Province closes all provincial parks ahead of storm
Hurricane Irene as seen from the International Space station.
AMHERST - Nova Scotia closed its provincial parks Sunday, in anticipation of Tropical Storm Irene.
The powerful hurricane was downgraded to tropical status early today, but provincial Emergency Measures officials are warning Nova Scotians to remain cautious.
The large storm will affect the entire Atlantic region today and overnight into Monday.
"Let's all give this storm the respect it deserves," said Justice Minister Ross Landry. "Irene will bring heavy rain and high winds and the hazards those conditions can create. Please err on the side of caution."
The eye of Irene is over New Jersey this morning with the storm stretching over New England.
Tropical storm and winds warnings are in place for much of Nova Scotia and Atlantic Canada.
Environment Canada said Cumberland County residents will see heavy rain changing to showers near midnight.
The weather office said there is also a risk of thundershowers this evening and after midnight. Winds are expected out of the southeast at 40 km/h gusting to 60 becoming south 60 gusting to 90 near midnight.
A wind warning has been issued for the entire region. Rainfall warnings have been issued in the western portions of the province and may be issued here as the storm moves closer.
Chris Fogarty, program supervisor at the Canadian Hurricane Centre, said Saturday that wind could be “channeled” through the Tantramar marsh and across to PEI. The southwest coastline of Cumberland County is also in the path of Irene’s high winds.
Provincial parks on mainland Nova Scotia closed at noon.
"Public safety has to be at the forefront when dealing with expected high winds and storm surge from this massive system," said acting Natural Resources Minister John MacDonell.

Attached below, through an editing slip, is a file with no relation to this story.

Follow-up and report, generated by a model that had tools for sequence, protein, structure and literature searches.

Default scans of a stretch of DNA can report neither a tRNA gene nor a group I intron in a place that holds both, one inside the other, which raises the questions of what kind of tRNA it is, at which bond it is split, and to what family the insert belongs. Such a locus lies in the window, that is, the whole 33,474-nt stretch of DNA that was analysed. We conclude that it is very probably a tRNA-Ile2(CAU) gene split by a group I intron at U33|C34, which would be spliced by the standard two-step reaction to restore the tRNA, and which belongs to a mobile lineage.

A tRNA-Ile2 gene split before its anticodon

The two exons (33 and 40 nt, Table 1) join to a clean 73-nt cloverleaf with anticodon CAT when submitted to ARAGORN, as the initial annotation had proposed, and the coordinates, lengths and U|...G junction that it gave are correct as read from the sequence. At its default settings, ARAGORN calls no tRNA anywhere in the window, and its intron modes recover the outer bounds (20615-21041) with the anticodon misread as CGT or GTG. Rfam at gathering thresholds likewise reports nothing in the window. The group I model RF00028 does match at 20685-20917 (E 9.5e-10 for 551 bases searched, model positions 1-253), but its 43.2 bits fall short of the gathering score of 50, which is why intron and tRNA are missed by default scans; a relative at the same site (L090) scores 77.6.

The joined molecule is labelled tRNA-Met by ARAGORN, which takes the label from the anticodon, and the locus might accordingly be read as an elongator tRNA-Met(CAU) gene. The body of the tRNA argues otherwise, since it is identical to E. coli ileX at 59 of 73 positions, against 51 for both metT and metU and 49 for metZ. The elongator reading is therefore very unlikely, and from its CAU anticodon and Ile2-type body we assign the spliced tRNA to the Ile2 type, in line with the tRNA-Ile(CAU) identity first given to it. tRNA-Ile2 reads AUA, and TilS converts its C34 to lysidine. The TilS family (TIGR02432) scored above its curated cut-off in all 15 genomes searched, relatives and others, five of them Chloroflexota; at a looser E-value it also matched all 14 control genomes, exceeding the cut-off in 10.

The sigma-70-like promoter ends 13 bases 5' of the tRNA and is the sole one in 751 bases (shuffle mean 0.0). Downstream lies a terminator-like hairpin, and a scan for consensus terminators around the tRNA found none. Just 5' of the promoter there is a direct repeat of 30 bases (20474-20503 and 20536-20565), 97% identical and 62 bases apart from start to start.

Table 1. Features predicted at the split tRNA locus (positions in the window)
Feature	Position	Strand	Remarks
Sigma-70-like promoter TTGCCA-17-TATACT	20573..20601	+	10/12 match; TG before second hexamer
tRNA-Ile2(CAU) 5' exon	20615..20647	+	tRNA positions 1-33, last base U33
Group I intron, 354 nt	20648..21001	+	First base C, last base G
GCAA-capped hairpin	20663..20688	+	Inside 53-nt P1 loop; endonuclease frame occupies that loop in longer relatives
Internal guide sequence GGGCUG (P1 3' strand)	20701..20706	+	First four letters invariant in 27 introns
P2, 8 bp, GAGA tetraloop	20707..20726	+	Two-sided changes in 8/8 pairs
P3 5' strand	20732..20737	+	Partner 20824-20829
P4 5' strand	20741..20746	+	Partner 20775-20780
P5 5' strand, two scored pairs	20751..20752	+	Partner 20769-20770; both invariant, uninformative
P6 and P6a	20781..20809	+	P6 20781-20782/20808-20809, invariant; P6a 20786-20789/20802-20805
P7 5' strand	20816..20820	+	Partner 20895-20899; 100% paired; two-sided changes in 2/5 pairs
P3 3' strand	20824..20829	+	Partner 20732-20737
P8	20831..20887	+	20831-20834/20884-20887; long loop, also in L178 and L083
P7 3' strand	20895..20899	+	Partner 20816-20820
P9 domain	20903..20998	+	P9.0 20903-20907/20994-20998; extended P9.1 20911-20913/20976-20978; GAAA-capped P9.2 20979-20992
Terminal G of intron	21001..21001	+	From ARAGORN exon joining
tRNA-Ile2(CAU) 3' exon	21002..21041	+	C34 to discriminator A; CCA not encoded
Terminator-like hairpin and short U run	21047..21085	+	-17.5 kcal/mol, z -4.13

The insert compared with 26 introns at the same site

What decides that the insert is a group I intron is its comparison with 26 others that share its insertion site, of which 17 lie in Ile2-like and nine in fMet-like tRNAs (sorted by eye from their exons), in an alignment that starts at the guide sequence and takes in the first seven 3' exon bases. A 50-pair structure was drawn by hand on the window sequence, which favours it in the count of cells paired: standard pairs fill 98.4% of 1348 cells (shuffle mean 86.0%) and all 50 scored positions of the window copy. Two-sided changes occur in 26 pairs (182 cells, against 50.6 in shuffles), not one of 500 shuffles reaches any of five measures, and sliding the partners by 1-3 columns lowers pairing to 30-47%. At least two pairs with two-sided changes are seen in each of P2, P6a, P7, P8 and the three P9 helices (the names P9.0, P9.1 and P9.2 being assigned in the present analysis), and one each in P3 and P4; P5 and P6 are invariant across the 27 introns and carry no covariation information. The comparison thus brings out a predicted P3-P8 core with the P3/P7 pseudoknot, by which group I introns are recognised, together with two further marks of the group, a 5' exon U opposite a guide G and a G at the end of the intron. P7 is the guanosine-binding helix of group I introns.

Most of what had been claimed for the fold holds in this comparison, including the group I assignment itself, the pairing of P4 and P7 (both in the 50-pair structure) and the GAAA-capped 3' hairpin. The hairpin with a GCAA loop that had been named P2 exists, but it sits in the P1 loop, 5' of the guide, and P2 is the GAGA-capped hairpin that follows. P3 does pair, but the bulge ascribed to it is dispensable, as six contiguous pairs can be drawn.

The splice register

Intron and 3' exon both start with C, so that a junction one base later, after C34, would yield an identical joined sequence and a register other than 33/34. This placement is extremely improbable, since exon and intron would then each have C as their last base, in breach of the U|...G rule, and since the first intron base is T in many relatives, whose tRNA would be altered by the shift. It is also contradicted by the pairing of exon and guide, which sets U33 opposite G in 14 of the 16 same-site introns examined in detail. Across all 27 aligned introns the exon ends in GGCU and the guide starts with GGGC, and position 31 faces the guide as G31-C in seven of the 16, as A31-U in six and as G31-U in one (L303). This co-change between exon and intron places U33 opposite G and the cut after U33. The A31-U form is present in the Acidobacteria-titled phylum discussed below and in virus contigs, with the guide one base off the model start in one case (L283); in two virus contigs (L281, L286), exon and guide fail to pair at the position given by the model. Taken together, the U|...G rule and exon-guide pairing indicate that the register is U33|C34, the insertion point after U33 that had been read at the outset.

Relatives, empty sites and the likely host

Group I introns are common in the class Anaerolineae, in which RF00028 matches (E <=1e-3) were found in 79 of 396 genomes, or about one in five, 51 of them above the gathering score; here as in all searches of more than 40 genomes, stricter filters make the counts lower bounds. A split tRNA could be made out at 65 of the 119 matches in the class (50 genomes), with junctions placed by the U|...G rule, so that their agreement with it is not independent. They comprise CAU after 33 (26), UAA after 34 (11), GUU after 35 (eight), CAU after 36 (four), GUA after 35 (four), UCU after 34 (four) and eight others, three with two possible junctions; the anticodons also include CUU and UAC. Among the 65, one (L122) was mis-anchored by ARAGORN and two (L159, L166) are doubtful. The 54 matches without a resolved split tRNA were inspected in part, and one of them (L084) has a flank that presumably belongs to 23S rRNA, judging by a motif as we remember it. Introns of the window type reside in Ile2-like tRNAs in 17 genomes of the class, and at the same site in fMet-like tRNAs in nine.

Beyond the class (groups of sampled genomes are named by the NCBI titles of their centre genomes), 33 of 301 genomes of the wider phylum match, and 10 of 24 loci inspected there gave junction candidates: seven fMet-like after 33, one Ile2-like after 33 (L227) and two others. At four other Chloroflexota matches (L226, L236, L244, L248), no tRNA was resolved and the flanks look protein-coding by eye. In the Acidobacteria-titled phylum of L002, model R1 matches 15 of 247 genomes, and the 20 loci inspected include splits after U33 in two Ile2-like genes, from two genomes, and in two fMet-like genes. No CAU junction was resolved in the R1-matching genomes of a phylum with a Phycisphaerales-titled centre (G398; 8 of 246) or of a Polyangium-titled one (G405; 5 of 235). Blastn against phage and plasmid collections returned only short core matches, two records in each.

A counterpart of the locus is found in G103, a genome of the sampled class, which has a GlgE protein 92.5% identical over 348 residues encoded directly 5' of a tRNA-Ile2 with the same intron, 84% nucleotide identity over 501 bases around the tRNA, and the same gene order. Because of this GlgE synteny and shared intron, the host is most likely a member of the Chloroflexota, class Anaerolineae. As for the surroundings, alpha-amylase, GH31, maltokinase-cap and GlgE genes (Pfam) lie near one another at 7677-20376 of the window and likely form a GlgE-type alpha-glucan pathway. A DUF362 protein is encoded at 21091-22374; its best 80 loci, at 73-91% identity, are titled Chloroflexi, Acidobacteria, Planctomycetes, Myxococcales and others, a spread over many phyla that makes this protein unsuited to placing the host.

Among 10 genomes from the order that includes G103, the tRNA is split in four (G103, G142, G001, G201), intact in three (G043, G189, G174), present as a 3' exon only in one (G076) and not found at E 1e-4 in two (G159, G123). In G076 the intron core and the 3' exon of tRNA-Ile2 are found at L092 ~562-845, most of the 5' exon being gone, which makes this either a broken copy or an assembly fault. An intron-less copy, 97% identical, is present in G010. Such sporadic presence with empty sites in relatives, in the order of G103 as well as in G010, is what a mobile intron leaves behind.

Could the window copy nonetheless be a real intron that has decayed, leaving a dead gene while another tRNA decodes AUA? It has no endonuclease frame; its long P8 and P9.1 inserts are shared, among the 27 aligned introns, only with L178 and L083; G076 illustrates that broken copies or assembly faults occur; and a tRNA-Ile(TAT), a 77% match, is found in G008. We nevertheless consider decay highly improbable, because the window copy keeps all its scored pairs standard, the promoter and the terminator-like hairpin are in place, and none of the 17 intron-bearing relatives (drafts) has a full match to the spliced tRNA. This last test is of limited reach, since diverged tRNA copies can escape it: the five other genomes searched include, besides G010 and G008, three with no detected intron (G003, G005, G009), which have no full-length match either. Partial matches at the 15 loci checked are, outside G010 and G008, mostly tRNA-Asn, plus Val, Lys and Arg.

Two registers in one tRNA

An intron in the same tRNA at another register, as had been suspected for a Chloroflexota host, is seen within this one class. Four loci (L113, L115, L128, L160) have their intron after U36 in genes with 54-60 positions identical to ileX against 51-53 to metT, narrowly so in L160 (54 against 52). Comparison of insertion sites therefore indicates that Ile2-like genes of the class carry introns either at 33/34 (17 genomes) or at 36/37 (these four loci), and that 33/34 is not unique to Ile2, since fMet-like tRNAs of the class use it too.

Full refunds will be given for camping park cancellations because of Tropical Storm Irene. Call 1-888-544-3434 for refunds and further updates about parks and the storm.
All locations will be re-evaluated for damage or safety concerns on a case-by-case basis.
"I can not emphasize enough how important it is to keep a safe and reasonable distance from coastal areas," said Landry.
Nova Scotians should already have restocked emergency kits and be prepared to be self sufficient for up to three days.
People should also review family emergency plans and secure property, ensuring anything that could become a projectile in high winds is put away or tied down.
As the storm gets closer today and overnight, it is recommended that people stay in their homes. People should not travel during the storm as flooding and debris can make road conditions unsafe. Thousands of flights on the eastern seaboard have been cancelled. Check arrivals and departures before going to the airport.
People should continue to monitor weather watches and warnings.
For updates and information on what to do before, during and after a major storm, visitwww.gov.ns.ca/emo.